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The Designer's Notebook: Revenge of the Highbrow Games
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The Designer's Notebook: Revenge of the Highbrow Games

September 29, 2006 Article Start Previous Page 4 of 4

That quality characterizes other elite media too. Shakespeare is highbrow now when he wasn’t back in 1600 because Elizabethan English is difficult to understand now and it wasn’t back then. Likewise, you’re not going to catch the unbelievable number of multilayered references in T.S. Eliot’s The Waste Land unless you’ve read a lot of other things as well – and that means you’re educated. Complexity and depth make art forms highbrow. Placing demands on the audience’s mental energy does too. This suggests is that the real target audiences for highbrow games are:

The contemporary arts community, and other people with high aesthetic standards, whether for music, art, animation, story or gameplay. Are book-lovers and art-lovers a possible audience for highbrow video games? You bet they are. All we need is some video games that are, unmistakably and unashamedly, works of literature or art rather than popular culture. But they must not compromise. I’ve seen a few video games at art exhibitions in Europe, and I hope to see more.

Smart people, who enjoy using their minds when they play. These are the people who appreciate the serious simulations. If intelligence were the sole criterion, it would make all puzzle games highbrow; but they have to be aesthetically appealing or innovative as well.

Educated people, who find that their knowledge is a source of fun, and people who like to learn about new ideas. I don’t mean people with Ivy League degrees; they can be either formally-taught or self-taught. What matters is that they derive pleasure from knowing things and from finding their knowledge useful in an entertainment context. That’s why historical war games are candidates – people who know history get extra enjoyment from them. But we have to address a lot more subjects than war.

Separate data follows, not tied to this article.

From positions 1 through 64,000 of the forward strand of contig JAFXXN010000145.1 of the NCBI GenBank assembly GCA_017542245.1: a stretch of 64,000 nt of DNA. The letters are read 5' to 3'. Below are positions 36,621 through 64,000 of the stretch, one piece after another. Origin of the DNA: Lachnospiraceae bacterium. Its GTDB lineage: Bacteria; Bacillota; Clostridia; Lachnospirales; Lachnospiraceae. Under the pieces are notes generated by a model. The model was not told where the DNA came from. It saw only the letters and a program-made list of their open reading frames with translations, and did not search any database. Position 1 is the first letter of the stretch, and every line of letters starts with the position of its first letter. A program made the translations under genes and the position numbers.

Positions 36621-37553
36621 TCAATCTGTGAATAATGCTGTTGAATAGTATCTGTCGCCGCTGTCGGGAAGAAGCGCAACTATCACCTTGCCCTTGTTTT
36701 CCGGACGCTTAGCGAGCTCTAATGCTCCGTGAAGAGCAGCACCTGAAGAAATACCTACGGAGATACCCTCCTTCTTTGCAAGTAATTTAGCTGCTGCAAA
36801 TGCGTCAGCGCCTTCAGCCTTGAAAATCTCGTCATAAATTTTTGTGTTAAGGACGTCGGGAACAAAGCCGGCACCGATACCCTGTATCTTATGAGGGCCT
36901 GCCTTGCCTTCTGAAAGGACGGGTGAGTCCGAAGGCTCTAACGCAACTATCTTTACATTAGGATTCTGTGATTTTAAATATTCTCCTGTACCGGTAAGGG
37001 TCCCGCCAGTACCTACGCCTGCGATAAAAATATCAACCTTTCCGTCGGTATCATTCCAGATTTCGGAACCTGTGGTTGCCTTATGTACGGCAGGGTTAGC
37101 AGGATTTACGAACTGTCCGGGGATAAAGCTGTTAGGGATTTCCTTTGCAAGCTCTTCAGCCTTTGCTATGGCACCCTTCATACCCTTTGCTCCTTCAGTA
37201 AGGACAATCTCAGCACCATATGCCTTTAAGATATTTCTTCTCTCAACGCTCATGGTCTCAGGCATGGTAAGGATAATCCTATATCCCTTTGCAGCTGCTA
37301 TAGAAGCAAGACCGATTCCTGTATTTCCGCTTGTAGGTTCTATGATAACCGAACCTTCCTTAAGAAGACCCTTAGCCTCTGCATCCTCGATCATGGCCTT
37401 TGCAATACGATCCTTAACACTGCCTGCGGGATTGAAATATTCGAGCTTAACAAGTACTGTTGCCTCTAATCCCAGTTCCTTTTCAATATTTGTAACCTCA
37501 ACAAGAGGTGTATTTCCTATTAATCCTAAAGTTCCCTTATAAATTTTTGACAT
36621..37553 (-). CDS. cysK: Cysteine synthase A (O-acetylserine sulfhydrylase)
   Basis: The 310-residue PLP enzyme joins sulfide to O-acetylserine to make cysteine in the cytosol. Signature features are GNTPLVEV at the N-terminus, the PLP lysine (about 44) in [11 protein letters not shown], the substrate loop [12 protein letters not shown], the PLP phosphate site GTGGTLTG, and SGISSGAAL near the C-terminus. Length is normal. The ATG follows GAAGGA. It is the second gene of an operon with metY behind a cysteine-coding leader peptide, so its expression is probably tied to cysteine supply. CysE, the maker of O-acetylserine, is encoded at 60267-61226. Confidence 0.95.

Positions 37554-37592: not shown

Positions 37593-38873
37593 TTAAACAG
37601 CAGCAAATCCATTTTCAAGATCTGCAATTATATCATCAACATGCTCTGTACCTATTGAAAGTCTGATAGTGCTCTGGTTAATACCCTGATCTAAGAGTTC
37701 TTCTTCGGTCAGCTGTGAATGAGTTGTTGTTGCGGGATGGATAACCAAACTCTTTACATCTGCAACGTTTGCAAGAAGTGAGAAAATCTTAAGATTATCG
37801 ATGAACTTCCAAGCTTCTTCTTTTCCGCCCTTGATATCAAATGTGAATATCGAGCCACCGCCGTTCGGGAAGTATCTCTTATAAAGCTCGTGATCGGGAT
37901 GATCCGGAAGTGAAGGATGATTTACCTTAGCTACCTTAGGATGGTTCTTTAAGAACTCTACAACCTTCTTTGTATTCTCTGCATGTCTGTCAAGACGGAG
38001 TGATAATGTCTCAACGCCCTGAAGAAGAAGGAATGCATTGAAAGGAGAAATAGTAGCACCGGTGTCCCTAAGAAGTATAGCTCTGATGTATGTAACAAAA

What highbrow interactive entertainment doesn’t mean, however, is:

Rich people. Rich people patronize elite art forms because doing so helps to maintain their social standing, and that in turn benefits the form by providing it with a constituency that’s too important to ignore. Rich people also spend a lot of money on expensive status symbols: cars, watches, designer clothes and accessories, hobbies like polo and yachting. But rich people aren’t an ideal audience for highbrow video games. Owning a private box at the opera house works as a status symbol because it costs a lot and people can see you there. Owning a video game doesn’t work as a status symbol any more than owning a DVD of a movie does. You can’t show it off to other people and feel cool about it.

If rich people have a role to play, it’s as potential donors (I won’t say investors) to the development in a highbrow game because they’re already interested in those kinds of things. Money doesn’t give you taste, but if you have money, you can certainly commission works that meet your tastes.

Cultural snobs. These people are a waste of space. We can debate whether opera is a more sophisticated form of entertainment than professional wrestling (the soap-opera “plots” of pro wrestling are at least as subtle as the plots of most operas, which isn’t saying much), but either way, I’m vigorously opposed to anybody who would try to prevent WWF fans from attending the opera if they want to. High culture needs more supporters, not fewer, and as long as it doesn’t have to sacrifice its integrity to get them, I say, let ’em all in! Elite does not have to mean exclusionary. Snobs are losers. They create nothing; they benefit no one.

So we’re getting somewhere. We have some potential customers, and a few games that are heading in the right direction, although I don’t think they’ve arrived yet. Most of the games people wrote to me about were nominated because they stand out from the common herd, but we can’t judge whether a game has achieved highbrow status by comparing it to earlier games.

The real question is, are there any games whose level of cultural acceptance as an elite form approaches that of other media – which means returning to the original question, where’s our Merchant Ivory? Can we make games, or rather, interactive entertainment experiences (the word game carries too much baggage) that receive that level of respect? I think we can, we should, and we will, provided the vision and courage are there.

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